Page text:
MEASUREMENT OF THE TOTAL DISSOLVED INORGANIC CARBON
(DIC) Principal Investigator:
Tom Lantry up to 4/96
Measurement of the total dissolved inorganic carbon (DIC) to determine
oceanic carbon inventory and changes with time
DIC, which is the sum of gaseous CO2, bicarbonate and
carbonate is the major carbon reservoir in the ocean.
Invasion of anthropogenic CO2 should change the DIC
inventory. However, up until now direct observation has been problematic
because of a small signal against a large background. A 40% oceanic
uptake will correspond to average
change in DIC of 1 micromol
kg-1 year-1 in the upper ocean while the DIC
concentration ranges from 1800 to 2300 micromol kg-1.
These uptake estimates are based on observations of the fraction of
fossil fuel carbon remaining in the atmosphere and the penetration of bomb
14C into the upper ocean. However, to increase our
confidence in this value direct observations are essential. The OACES
program aims at determining
the change in oceanic DIC by occupying repeat long lines transects in
every ocean basin on five to
ten-year time scales.
Measurements are performed using a coulometer attached to a SOMMA inlet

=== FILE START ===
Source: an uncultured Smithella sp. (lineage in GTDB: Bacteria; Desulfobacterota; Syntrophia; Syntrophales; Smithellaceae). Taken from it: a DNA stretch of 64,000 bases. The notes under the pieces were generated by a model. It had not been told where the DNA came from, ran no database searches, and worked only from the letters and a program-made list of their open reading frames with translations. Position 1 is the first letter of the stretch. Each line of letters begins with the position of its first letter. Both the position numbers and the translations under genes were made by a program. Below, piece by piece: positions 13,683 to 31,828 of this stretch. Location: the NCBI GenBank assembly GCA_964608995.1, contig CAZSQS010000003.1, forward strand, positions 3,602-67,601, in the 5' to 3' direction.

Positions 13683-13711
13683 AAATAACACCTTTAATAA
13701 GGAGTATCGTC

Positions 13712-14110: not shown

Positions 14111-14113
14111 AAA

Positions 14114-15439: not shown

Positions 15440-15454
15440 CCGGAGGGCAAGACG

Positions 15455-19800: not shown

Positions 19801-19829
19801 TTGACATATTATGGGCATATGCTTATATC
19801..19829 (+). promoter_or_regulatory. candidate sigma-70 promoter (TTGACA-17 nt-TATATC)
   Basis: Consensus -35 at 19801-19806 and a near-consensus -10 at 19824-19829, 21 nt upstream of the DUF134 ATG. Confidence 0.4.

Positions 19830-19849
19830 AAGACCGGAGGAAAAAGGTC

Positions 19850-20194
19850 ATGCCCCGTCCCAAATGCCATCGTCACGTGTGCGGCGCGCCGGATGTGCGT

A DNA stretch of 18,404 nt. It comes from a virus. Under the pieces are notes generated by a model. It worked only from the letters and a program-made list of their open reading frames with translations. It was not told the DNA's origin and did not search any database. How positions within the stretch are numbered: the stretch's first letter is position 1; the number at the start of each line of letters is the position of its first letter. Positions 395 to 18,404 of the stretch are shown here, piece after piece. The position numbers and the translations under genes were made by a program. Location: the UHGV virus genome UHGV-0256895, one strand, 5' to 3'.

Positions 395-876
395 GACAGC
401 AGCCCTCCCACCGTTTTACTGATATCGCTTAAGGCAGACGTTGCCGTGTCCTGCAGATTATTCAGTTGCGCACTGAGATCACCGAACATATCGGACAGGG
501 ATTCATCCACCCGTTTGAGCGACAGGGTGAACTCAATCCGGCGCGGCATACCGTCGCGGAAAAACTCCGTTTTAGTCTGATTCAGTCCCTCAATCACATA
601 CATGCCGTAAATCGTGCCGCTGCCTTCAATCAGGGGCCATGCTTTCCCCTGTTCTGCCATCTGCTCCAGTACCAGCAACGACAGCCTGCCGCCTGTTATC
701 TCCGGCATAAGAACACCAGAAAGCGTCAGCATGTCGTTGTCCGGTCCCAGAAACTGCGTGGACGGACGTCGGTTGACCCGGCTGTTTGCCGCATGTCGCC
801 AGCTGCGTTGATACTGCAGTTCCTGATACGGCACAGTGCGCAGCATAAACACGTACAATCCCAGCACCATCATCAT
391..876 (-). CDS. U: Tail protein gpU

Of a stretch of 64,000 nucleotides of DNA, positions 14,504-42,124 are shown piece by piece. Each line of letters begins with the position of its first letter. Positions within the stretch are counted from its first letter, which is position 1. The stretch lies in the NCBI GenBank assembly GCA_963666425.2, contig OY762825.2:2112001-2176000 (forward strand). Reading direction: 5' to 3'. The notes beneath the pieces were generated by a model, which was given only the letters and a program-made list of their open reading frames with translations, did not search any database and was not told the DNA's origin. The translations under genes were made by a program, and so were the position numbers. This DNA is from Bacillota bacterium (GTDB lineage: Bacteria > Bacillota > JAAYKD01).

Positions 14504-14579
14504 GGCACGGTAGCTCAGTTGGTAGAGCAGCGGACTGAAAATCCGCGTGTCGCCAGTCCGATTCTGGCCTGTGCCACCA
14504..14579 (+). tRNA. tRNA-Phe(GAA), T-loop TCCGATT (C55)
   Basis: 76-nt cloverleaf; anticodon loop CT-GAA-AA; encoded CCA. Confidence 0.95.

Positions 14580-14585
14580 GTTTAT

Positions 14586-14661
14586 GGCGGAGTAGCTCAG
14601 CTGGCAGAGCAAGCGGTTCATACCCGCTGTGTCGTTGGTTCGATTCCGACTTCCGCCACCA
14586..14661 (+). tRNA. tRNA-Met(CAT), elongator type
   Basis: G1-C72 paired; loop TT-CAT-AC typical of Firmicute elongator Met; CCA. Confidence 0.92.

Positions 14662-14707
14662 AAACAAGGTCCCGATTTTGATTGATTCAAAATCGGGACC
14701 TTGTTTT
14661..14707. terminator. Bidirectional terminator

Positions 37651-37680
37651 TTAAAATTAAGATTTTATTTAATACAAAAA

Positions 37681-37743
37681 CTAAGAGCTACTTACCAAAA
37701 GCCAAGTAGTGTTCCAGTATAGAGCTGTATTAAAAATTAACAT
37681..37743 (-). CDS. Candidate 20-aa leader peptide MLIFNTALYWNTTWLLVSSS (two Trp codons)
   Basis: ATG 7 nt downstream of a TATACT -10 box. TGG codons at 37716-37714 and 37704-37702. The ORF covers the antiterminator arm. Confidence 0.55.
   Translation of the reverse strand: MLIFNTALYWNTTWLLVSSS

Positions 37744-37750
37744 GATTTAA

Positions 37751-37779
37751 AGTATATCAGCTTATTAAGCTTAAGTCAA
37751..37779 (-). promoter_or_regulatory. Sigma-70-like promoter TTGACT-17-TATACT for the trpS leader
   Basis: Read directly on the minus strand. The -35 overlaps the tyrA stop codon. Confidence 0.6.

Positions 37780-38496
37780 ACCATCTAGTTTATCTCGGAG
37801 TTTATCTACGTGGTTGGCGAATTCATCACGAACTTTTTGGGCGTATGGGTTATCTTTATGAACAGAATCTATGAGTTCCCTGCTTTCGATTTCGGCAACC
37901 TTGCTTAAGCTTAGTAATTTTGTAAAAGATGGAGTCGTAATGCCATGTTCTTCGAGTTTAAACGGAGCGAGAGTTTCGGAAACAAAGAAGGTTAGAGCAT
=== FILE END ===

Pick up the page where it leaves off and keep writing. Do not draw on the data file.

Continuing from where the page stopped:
system developed by Ken Johnson at Brookhaven National Lab.
Using state-of-the-art instrumentation and certified reference
materials calibrated independently in a land based laboratory, precisions
and accuracies of better
than 1.5 micromol kg-1 have
been obtained on cruises to date in the Atlantic, Pacific and Indian
Oceans. Robust estimates will involve detecting a small signal in a
system which sees seasonal and lateral variations of over 200 micromol
kg-1 due to consumption by
photosynthesis at the
surface and respiration below, and transport by currents (Figure 1). The biological signal can be
separated from the anthropogenic signal using other carbon system
parameters, and by use of
Lantry, T., M.F. Lamb, J.C. Hendee, R. Wanninkhof, R.A.
Feely, F.J. Millero, R. Byrne, E.T.
Peltzer, D. Wilson, and G. Berberian, Chemical and hydrographic
measurements from the Equatorial Pacific during boreal spring 1992, NOAA Data Report
ERL AOML-27, 1995.
Forde, E.B., J.C. Hendee, and R. Wanninkhof,
Hydrographic, carbon dioxide, nutrient, and productivity measurements from
the South Atlantic during July and August of 1991, NOAA Data Report
ERL AOML-24, 1994.
Castle R., Wanninkhof R.,Doney S. C., Bullister J., Johns L., Feely
R.A., Huss B. E., Millero F. J., and Lee K. (submitted, 1998) Chemical and
hydrographic profiles and underway measurements from the North Atlantic
during July and August of 1993, NOAA data report ERL AOML-XX. NOAA/ERL/AOML.
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